Saturday, March 12, 2011

a life for a life

This week the death penalty was abolished in Illinois. I am unspeakably proud of the legislature and governor for taking this step, and yet I find that I'm almost unable to write anything about it.

All the news coverage I have heard has been interviews with people who disagree with this decision, and I find the things they say so horrifying I don't know what to do other than to turn off the radio or the computer and sit in the silence instead.

Now, I've never been the victim/survivor of a crime for which someone could conceivably receive the death penalty. I don't pretend to know what those people are feeling. I would like to think that the values I hold would hold up under those circumstances, but I also know that you can't know that until they're tested (and, frankly, I'm a big wuss and don't want to be tested in that way!).

But still.

I heard a woman say that since she was robbed of seeing her loved one grow old, another family should also be robbed of that privilege. That's not what she said, but it's how she framed it: "I don't get to see him grow old, so this other man should die." Which means another family grieves, and the cycle of violence and grief and anger continues, with healing for no one.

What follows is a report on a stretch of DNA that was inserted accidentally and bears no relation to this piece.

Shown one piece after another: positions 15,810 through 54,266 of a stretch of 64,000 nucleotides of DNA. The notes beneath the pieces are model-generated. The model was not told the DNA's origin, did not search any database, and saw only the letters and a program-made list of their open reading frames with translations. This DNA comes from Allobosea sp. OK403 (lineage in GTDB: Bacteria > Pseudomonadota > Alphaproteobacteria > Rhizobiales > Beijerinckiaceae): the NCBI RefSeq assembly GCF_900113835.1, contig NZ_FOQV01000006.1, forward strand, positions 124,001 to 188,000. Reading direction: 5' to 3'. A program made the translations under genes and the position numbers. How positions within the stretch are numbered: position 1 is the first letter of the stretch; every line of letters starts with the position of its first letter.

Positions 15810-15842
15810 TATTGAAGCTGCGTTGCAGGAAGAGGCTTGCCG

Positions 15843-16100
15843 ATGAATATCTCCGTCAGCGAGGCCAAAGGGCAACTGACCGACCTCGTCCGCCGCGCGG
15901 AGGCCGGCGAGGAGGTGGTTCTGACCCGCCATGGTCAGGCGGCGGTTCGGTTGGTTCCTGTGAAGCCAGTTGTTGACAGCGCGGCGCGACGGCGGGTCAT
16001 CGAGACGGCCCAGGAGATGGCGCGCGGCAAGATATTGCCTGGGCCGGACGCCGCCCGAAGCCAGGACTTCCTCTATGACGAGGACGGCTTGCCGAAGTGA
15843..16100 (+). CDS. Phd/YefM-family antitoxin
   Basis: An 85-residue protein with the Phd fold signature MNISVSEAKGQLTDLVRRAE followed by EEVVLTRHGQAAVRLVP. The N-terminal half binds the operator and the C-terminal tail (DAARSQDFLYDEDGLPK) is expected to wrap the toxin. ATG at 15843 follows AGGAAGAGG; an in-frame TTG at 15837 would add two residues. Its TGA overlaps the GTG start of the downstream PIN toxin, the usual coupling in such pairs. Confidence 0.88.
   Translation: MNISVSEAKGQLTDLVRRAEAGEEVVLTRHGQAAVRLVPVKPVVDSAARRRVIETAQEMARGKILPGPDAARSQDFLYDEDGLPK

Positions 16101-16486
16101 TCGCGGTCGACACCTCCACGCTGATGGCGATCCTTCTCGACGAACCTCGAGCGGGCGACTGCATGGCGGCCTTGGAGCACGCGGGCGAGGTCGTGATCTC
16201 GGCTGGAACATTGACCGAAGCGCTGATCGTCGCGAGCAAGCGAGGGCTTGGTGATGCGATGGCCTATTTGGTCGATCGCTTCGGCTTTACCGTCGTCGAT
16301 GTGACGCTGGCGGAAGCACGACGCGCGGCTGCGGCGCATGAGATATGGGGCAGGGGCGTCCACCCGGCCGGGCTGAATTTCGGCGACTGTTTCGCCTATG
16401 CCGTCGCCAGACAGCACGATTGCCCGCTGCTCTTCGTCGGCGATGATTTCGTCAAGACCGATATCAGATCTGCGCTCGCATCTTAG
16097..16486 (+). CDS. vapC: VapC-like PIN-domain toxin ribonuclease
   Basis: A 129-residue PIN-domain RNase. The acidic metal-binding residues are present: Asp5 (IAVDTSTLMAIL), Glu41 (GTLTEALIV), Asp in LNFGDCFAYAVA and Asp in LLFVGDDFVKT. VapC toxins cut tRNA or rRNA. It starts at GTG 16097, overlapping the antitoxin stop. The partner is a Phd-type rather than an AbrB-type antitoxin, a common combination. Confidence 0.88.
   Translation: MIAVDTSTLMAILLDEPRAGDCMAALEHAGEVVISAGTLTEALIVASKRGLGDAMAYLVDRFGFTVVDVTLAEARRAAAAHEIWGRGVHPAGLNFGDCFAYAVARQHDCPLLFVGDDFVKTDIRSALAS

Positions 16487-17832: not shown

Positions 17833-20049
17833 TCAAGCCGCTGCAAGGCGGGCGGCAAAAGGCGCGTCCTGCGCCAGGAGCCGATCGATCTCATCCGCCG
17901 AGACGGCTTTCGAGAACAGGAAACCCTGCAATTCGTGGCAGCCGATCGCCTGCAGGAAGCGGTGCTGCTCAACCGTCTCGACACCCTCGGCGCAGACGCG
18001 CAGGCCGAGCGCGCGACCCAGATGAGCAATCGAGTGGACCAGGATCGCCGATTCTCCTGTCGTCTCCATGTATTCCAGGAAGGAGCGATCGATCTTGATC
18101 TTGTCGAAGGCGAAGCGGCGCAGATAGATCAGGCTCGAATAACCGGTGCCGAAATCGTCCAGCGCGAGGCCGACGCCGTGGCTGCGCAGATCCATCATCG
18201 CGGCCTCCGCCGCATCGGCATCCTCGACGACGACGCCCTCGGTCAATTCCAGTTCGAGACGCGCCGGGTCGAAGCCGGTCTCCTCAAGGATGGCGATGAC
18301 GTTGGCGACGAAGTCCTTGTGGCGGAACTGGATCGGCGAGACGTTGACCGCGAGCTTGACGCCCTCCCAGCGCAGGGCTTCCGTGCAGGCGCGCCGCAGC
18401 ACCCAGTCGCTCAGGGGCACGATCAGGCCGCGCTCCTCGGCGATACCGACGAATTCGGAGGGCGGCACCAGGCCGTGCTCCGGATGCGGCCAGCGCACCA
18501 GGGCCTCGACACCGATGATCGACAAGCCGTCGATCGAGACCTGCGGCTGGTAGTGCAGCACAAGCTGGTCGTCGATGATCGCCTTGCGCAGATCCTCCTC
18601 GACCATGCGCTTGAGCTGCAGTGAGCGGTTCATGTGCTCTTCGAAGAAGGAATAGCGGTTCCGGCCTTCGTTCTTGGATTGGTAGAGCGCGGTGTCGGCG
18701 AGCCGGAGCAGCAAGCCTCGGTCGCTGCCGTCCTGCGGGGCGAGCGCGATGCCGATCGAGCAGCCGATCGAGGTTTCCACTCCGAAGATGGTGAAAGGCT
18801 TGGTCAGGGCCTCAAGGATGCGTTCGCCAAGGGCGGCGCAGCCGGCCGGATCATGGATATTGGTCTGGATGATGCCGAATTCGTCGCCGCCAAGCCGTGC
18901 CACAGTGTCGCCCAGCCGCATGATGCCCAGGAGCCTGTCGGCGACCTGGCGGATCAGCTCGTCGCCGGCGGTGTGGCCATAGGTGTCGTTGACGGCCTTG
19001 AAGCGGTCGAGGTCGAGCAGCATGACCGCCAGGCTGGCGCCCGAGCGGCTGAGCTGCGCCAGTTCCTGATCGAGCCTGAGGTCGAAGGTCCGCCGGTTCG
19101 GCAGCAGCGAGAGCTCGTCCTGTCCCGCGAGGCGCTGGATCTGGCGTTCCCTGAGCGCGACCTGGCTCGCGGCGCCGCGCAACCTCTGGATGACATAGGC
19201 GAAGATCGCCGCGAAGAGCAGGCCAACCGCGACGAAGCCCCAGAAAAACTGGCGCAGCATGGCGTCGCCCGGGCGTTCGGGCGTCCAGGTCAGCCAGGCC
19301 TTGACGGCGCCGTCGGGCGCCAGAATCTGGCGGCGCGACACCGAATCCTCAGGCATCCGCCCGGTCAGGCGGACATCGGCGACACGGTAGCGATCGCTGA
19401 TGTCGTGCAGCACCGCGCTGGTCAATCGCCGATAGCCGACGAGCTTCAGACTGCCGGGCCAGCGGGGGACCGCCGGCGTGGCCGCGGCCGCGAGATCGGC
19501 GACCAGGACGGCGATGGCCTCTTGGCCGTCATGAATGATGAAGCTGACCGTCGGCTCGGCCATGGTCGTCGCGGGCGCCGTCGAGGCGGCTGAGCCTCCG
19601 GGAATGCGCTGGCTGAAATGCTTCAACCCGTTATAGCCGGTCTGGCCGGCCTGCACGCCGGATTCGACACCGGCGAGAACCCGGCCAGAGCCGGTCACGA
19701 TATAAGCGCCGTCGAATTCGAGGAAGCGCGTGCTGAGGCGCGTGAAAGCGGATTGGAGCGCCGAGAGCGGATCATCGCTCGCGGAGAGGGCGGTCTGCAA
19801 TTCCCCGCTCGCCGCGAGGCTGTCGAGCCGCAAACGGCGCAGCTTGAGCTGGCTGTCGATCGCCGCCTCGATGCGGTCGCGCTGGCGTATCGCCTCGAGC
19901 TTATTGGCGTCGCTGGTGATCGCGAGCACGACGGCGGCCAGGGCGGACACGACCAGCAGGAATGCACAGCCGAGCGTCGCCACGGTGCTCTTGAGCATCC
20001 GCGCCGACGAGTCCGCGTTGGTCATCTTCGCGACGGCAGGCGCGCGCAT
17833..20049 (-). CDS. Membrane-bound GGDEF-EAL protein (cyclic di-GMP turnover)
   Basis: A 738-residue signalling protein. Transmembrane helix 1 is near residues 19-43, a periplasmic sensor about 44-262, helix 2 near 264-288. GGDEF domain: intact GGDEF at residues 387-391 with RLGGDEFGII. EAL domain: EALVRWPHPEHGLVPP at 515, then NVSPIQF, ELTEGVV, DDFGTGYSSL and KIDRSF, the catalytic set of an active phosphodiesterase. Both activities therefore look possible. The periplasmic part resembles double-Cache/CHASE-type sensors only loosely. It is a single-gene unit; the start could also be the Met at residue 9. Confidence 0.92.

I heard a lawyer say that now we will have more trials because they won't be able to use the person's life as a bargaining chip to get them to agree to plead guilty, thus avoiding a trial by a jury of their peers. All I could think was "please tell me we have not been using someone's LIFE/DEATH as a carrot/stick to get them to give up their constitutional right to a jury trial.....oh lord, I think that's what he's saying."

I heard law enforcement officials insisting (even when confronted with statistics that give the lie to their assertions) that the death penalty is a strong deterrent to crime and now there will be more crime.

And that was all in less than 10 minutes yesterday. If there were interviews with people who support the decision, I didn't hear them because I had to turn off the news.

It turns my stomach and makes all sound an assault on my ears and brain to hear these things. I can't imagine saying them out loud and I don't know in what world they are okay. I don't even know what to say. I want to start a sentence with "as a person of faith..." but I'm not sure what the next words in that sentence would be. All I can do right now is pray for people and for our systems, and maybe even for the english language because all the words I want to use (justice, mercy, grace, peace, repentance, forgiveness, punishment, etc) have been co-opted in ways that make them almost impossible to use in a theological sense in this context. Which makes me even more sad and speechless, even as I celebrate a decision that I believe to be in the best interests of the state, of justice, of humanity, and of faithfulness.


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